Home and Ahead (2023) Review: Anirban Dutta’s Home and Ahead provokes the viewer’s curiosity immediately–this thoroughly experimental short feature begins with a cosmic allusion. A young girl sits on a chair on a rooftop, staring into the distance as masked figures revolve around her. These figures wear strange masks you would see in Halloween stores, carrying paper mache planets while traipsing around the lone chair. The group appears to form a makeshift solar system in miniature, with the figures as planets and the woman as the sun. Backgrounding this ritualistic orbit is the opening passage of Dinah Shore’s You’d Be So Nice to Come Home To, whose heavy strings and aching melody can only bring to mind tragedy.
As the sequence ends and the opening credits roll, we find that the woman (played by actress Satakshi Nandy) represents some concept of “Home.” That is, at least, what she is credited for, and this declaration in the first few minutes of the film prepares the viewer for a decidedly avant-garde experience. Home and Ahead is steeped in allegory and does not carry much in the way of plot or story. Dutta attempts to craft an analogical piece that suggests and implies more than it states or decrees, and while his direction does not quite achieve the scope of his vision, the ideas are certainly there.
Most of the film comprises scenes of Nandy, wearing a sleeveless dress and a dreamy expression, gliding through the halls of an abandoned manor. Occasionally, her character stops to arch over railings and appreciate views of the world outside. That world is the city of Calcutta, to whose spirit and people this film is literally dedicated. The place has no interest in being the home it once represented–cars and people go about their business, contributing by way of some of the film’s more well-composed and visually appealing visuals (including a shot of a fish market that caught my breath even though it was only a few seconds long).
That is not to say the cinematography of the manor is entirely devoid of exciting imagery. Dutta, who serves as–a deep breath–director, production designer, art director, sound designer, editor, colorist, writer, and cinematographer for the piece, captures some sophisticated compositions of Nandy as she strolls through empty halls. There is some excellent use of mirrors, and the film’s setting lends it an incredible amount of mystique. The imagery, both literal and thematic, keeps the viewer engaged through the slow pace and occasionally repetitive rhythms of the project (there are only so many times we can see a single actress stare at her surroundings).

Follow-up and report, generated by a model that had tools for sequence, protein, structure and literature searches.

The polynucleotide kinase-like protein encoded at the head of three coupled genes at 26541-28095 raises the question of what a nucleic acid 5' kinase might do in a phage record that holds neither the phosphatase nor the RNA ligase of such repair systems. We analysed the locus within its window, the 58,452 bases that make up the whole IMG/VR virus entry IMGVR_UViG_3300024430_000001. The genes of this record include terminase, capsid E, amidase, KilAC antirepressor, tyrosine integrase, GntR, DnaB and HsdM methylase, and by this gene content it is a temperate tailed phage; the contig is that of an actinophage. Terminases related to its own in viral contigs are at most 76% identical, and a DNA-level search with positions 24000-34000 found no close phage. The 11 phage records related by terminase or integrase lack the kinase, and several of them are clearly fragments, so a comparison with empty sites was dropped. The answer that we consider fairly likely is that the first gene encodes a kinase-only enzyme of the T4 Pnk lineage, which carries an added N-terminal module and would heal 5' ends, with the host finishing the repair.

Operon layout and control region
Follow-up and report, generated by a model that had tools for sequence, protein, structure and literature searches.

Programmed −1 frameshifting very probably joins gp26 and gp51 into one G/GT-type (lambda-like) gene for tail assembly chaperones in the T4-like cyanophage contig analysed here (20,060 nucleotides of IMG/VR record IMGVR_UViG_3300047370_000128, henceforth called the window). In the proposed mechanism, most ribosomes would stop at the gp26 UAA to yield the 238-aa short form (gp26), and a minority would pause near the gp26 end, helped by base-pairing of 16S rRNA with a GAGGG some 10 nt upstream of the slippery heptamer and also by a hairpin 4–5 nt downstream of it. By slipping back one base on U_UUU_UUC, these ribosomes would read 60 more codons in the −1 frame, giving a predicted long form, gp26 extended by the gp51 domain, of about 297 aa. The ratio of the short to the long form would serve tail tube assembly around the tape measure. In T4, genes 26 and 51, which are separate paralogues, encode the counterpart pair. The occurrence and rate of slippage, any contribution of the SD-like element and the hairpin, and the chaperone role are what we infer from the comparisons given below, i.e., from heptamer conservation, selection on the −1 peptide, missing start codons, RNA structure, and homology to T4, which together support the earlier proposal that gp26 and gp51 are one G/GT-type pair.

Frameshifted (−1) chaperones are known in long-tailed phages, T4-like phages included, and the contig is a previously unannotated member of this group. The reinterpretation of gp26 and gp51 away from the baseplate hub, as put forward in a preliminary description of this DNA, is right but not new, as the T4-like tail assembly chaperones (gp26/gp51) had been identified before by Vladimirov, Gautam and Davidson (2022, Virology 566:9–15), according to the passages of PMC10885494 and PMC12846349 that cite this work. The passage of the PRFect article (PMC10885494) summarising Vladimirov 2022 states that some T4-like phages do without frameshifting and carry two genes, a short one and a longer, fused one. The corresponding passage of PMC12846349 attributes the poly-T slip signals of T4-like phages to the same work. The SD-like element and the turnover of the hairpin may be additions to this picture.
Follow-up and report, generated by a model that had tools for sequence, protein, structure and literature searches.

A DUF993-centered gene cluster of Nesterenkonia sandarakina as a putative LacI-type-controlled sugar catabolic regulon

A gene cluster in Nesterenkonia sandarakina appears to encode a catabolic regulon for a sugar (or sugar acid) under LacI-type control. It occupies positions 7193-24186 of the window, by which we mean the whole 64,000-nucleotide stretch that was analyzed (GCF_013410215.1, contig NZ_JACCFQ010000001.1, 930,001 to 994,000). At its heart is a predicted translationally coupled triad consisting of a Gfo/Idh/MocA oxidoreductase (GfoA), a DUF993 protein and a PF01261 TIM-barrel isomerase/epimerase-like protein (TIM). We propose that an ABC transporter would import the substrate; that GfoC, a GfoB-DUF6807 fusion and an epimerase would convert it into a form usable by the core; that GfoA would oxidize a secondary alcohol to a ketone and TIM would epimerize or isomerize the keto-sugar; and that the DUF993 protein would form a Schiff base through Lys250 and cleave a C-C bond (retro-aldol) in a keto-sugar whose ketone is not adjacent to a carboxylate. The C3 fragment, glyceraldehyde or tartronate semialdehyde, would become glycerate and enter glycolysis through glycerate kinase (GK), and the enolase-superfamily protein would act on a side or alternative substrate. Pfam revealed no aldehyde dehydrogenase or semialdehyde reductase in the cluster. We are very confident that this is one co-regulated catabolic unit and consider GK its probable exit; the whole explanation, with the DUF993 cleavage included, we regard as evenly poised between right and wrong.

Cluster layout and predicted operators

Indeed, even at around thirty-five minutes, Home and Ahead has the capacity to wear on your patience. While it is clear that there were not a lot of resources put into the project (which is a reality for which we cannot blame the filmmakers), the craft does not display much maturity or deftness. Dutta’s style of cutting the picture frequently resorts to sudden fades-to-black and cheap flourishes like digital blurs and framerate tinkering. The film’s title screen contains, inexplicably, a glitched-out font of the kind you can find a hundred Photoshop tutorials for on YouTube. It comes right after the film zips past the thematically relevant quotations (I had to pause the screen to read them), while Dutta takes ages to cut in other places. Such elements prevent the picture from assembling a cohesive aesthetic.
The film’s soundtrack relies heavily on the performance of classical Indian crooning, and the intonations drown out everything else in the film’s soundscape. This is a shame since there is some great foley work here, particularly when we hear the sounds of the outside world from inside the house. Those moments (which include the sounds of traffic, rain, calls to prayer, and children’s laughter) give the viewer a sense of the displacement the central figure of the piece goes through. Alas, we barely hear them thanks to the overwhelmingly heavy hand that Dutta places on the music dial–in an attempt to make the viewer feel something, he robs them of the subtle pleasures of the best of arthouse cinema.
And the idea at the core of Home and Ahead is undoubtedly a subtle one. It becomes clear that Nandy plays the spirit of the home that Calcutta represents to Dutta. Belonging, identity, and livelihood are all concepts that tie into the film’s images, and the masked figures represent, to me, the ungrateful community that has forsaken these values. This is to the point that the home herself appears to fear these figures that once revered her. The ultimate conclusion of the project is quite hopeful, which is appreciable. However, one is left feeling that Dutta leaves far too much off-screen for the project to make a lasting impact.
Take, for example, the inclusion of the azan at a late point in the film. It is implied that the sound of the call to prayer is meant as a symbol of a more profound disharmony in communities, but because the film is content to stay within the confines of the manor house, it is unable to make this point land. Nandy’s performance similarly stays on a single track, rarely deviating from the status quo. And the less said of the quotation that ends the film, the better–it appears to put a stamp of meaning onto the film that defeats the purpose of embarking on such an open-ended project in the first place. If Dutta had the confidence to let his ideas grow on their own, things might have gone differently.